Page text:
Infection and transmission of West Nile virus by Ochlerotatus triseriatus (Diptera: Culicidae) in the laboratory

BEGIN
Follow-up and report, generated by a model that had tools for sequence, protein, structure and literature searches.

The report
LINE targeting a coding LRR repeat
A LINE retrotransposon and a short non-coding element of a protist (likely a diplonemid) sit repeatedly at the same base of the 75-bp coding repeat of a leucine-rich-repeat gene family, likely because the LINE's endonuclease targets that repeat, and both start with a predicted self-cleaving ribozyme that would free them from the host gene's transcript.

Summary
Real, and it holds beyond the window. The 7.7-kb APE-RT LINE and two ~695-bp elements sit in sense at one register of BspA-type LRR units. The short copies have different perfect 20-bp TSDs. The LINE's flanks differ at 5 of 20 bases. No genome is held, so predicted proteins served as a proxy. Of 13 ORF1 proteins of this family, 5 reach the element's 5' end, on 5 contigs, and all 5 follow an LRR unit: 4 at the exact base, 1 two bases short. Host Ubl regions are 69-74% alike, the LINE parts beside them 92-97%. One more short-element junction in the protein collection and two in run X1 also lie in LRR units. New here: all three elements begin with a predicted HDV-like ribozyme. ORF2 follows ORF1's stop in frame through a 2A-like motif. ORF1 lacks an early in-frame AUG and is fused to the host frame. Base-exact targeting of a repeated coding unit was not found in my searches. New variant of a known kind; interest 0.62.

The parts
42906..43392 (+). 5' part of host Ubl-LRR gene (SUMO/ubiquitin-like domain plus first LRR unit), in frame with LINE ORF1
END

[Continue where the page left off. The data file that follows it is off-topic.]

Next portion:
West Nile virus (WNV) is a newly recognized arbovirus in North America. The WNV transmission cycle involves mosquitoes in the genus Culex, and avian species as the amplification hosts. Mosquitoes that feed on both birds and mammals are known as bridge vectors, which transmit WNV from avian amplification hosts to other vertebrates susceptible to WNV infection. These secondary hosts do not develop viremias high enough to continue the infection cycle, and are known as dead end hosts. The primary objective of this study was to compare the susceptibility of Ochlerotatus triseriatus (Say) to Culex p. pipiens (L.), a primary amplification vector of WNV. Ochlerotatus triseriatus is the primary vector of La Crosse encephalitis virus (LAC). It feeds primarily on mammalian hosts, and is a possible bridge vector of WNV. West Nile virus infection rates of Oc. triseriatus and Cx. p. pipiens were determined following WNV viremic blood meals ranging from 10⁴·⁰ to 10⁸·² PFU/ml. The minimum blood meal titer to infect Oc. triseriatus was 10⁴·³ PFU/ml, and it was 10⁴·⁰ PFU/ml for Cx. p. pipiens. West Nile virus infection rates in both species significantly increased as the viremic blood meal titers increased. Maximum infection of 98 and 100% was observed at 10[super script greater than or equal to 8.0<8.5] and 10[super script greater than or equal to 7.0<7.5] PFU/ml for Oc. triseriatus and Cx. p. pipiens, respectively. West Nile virus titers predicted to infect Cx. p. pipiens at ID₁₀, ID₅₀, and ID₉₀ are 10³·³, 10⁴·², and 10⁶·⁵ PFU/ml. Predicted titers to infect Oc. triseriatus at ID₁₀, ID₅₀, and ID₉₀ are 10⁴·⁷, 10⁶·⁵, and 10⁸·³ PFU/ml. Observed and predicted infection rates suggest that Oc. triseriatus is significantly less susceptible than Cx. p. pipiens to WNV. Ochlerotatus triseriatus orally infected from viremic chicken blood meals with a WNV titer>10⁸·⁰ PFU/ml were able to transmit virus by bite to susceptible chickens on days 14 and 18 post infection. The infection, dissemination, and transmission rates of Oc. triseriatus were 94, 91, and 60 percent respectively. Ochlerotatus triseriatus is less susceptible to WNV infection then Cx. p. pipiens. It is a competent vector with a 55% estimated transmission rate among individuals infected at high titer WNV viremic blood meals. Ochlerotatus triseriatus is a potential bridge vector of WNV and may play a role in transmission among susceptible mammalian hosts. Characterization of WNV infection within primary hosts of Oc. triseriatus, i.e. squirrels, chipmunks, rabbits, and deer, is needed to assess the possibility of a mammalian WNV transmission cycle.